Building Field Trip Excitement

By Victoria Jasztal on November 19, 2009


Ladies and gentlemen, boys and girls, are you ready to embark on a sensational adventure? Taking a field trip, whether actual or virtual, offers a plethora of benefits. From a historical adventure where students travel back in time to the colonial period of St. Augustine... to an excursion through Florida's scrub habitat... to virtual explorations where my students can be transported to other places in the United States and world, I feel field trips expands my students' schema, piques their interest in local history and promotes reading a greater variety of literary genres. 

The benefits of field trips are numerous. Here are several suggestions for field trips you can take, how you can provide enrichment for concepts that were covered during the trip, and ways to fund raise for off site learning.

Historical Field Trips

"In 1565, founded was the first European settlement..." I hear my students sing softly as our charter bus heads up the interstate to "America's Oldest City", St. Augustine. Every May, my fourth grade students head to this intriguing destination to visit the 165-foot lighthouse built in 1874, ride the sightseeing trolleys, explore the Castillo de San Marcos National Monument constructed of coquina rock, and tour Ripley's Believe it or Not. It is an amazing testimony to hear five years later that the St. Augustine field trip was the most memorable field trip my students ever took.

Historical field trips are of extreme importance to me since I teach in a Title I school. How many of my students have seen a fourth-order fresnel lens, cannons being fired, or remains from a shipwreck prior to visiting St. Augustine? It is incredible to see how my students learn about reflection, refraction, different fort-related words such as terreplain, coquina rock, and so many more vocabulary words during the trip.

Think about the area in which you live. Do you have any local forts or historical societies? Are you within a few hours of an amazing city like Boston or our nation's capital? Perhaps you can utilize a company like Historic Tours of America, which takes students on a trolley tour through Boston, Key West, San Diego, Savannah, St. Augustine and Washington D.C.  You may also enjoy checking out a website like the one from the National Park Service (NPS), which informs you about all the national parks in the United States. You may also not be far from the home of a famous person in history like Thomas Alva Edison or Betsy Ross. Google.com provides a decent search for finding a field trip. I type in "historical field trips Tampa Bay area" to see what results come up.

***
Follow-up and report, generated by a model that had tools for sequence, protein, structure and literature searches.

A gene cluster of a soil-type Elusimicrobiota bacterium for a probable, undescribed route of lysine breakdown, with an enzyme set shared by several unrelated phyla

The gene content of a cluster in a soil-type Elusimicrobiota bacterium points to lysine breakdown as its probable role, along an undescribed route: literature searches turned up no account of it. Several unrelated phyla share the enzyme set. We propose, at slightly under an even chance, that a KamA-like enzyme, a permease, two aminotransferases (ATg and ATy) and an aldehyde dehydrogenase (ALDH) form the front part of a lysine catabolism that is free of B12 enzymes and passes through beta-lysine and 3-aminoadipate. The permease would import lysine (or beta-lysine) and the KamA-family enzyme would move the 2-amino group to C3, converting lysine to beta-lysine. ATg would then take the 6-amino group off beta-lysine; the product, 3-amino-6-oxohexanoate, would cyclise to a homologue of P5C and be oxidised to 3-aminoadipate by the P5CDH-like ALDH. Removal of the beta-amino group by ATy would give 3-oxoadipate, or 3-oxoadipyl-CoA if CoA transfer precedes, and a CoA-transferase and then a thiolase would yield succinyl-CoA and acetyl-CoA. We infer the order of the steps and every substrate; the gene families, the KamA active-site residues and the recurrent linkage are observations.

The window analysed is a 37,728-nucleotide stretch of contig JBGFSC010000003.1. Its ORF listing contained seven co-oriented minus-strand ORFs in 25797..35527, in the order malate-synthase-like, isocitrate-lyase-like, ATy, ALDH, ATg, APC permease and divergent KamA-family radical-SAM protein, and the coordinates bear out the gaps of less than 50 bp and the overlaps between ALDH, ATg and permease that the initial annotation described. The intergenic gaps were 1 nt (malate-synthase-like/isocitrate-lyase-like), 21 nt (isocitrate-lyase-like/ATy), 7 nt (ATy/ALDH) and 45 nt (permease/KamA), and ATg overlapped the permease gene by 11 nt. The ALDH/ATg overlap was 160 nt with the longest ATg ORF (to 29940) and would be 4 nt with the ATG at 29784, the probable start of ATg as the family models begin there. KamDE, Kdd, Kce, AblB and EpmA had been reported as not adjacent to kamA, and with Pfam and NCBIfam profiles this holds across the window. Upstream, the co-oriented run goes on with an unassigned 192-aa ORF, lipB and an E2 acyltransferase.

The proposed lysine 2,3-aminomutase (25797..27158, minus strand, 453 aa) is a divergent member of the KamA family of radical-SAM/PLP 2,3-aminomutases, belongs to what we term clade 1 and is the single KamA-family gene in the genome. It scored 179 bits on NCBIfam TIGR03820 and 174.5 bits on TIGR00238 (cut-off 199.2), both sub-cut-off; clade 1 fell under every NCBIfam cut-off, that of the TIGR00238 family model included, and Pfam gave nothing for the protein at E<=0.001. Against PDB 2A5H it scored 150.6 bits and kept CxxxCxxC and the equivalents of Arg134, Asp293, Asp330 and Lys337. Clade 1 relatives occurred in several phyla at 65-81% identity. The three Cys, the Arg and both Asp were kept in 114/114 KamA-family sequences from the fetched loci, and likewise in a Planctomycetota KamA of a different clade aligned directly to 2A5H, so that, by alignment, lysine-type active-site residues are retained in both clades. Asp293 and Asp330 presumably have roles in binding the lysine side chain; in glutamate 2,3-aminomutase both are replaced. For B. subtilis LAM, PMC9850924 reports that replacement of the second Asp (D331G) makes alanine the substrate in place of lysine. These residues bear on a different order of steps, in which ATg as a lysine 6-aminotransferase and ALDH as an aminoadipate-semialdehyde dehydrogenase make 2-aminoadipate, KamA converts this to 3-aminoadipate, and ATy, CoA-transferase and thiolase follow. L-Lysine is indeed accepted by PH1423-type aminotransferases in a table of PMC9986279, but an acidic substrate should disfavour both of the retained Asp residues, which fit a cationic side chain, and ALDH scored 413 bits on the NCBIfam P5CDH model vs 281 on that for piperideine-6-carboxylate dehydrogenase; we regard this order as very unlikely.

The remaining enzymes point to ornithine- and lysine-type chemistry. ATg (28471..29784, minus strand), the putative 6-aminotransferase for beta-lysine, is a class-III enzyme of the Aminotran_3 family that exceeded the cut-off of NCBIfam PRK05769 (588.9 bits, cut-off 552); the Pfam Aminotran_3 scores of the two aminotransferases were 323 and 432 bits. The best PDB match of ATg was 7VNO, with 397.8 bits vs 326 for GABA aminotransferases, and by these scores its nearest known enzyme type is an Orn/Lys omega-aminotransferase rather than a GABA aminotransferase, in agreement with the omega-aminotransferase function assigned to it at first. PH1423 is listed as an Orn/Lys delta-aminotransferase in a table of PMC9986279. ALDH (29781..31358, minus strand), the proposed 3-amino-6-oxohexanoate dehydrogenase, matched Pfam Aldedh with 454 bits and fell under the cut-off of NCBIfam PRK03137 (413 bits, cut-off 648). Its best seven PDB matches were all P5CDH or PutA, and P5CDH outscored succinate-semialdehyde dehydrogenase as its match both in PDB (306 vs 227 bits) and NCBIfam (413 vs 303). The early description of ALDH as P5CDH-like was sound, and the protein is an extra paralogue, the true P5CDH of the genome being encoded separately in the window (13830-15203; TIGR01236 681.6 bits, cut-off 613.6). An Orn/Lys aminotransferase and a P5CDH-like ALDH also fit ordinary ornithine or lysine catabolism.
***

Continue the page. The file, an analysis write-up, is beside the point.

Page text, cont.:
How does taking a historical field trip relate to state standards and testing? The trip my students take to St. Augustine, for example, addresses over TEN Sunshine (Florida) State Standards. Glancing at FCAT preparation booklets, Social Studies related standards are included as well. When students make a "personal connection" through field trips, they build their schema and are able to connect with the content a great deal more.

Here are a few pictures from last year's field trip to St. Augustine, taken by the incredible photographer Meghan Stewart (http://www.meghanstewartphotography.com)-

Ryan Skylar

Environmental Field Trips

IMG_4319 IMG_4358

Hernando County Schools is fortunate to have the Springs Coast Environmental Center where students embark on a nature walk through the scrub habitat surrounding the Weeki Wachee River. Older students in middle and high school have the opportunity to use microscopes to examine microorganisms and kayak on the river. Of course, students are able to expand their scientific knowledge. Think of what may be located near you. Do you know of any opportunities where students can go on a boat ride? Is there a place where they can go kayaking? How about places that offer the opportunity to walk on a nature trail? Never hesitate to check Google.com, as I mentioned before.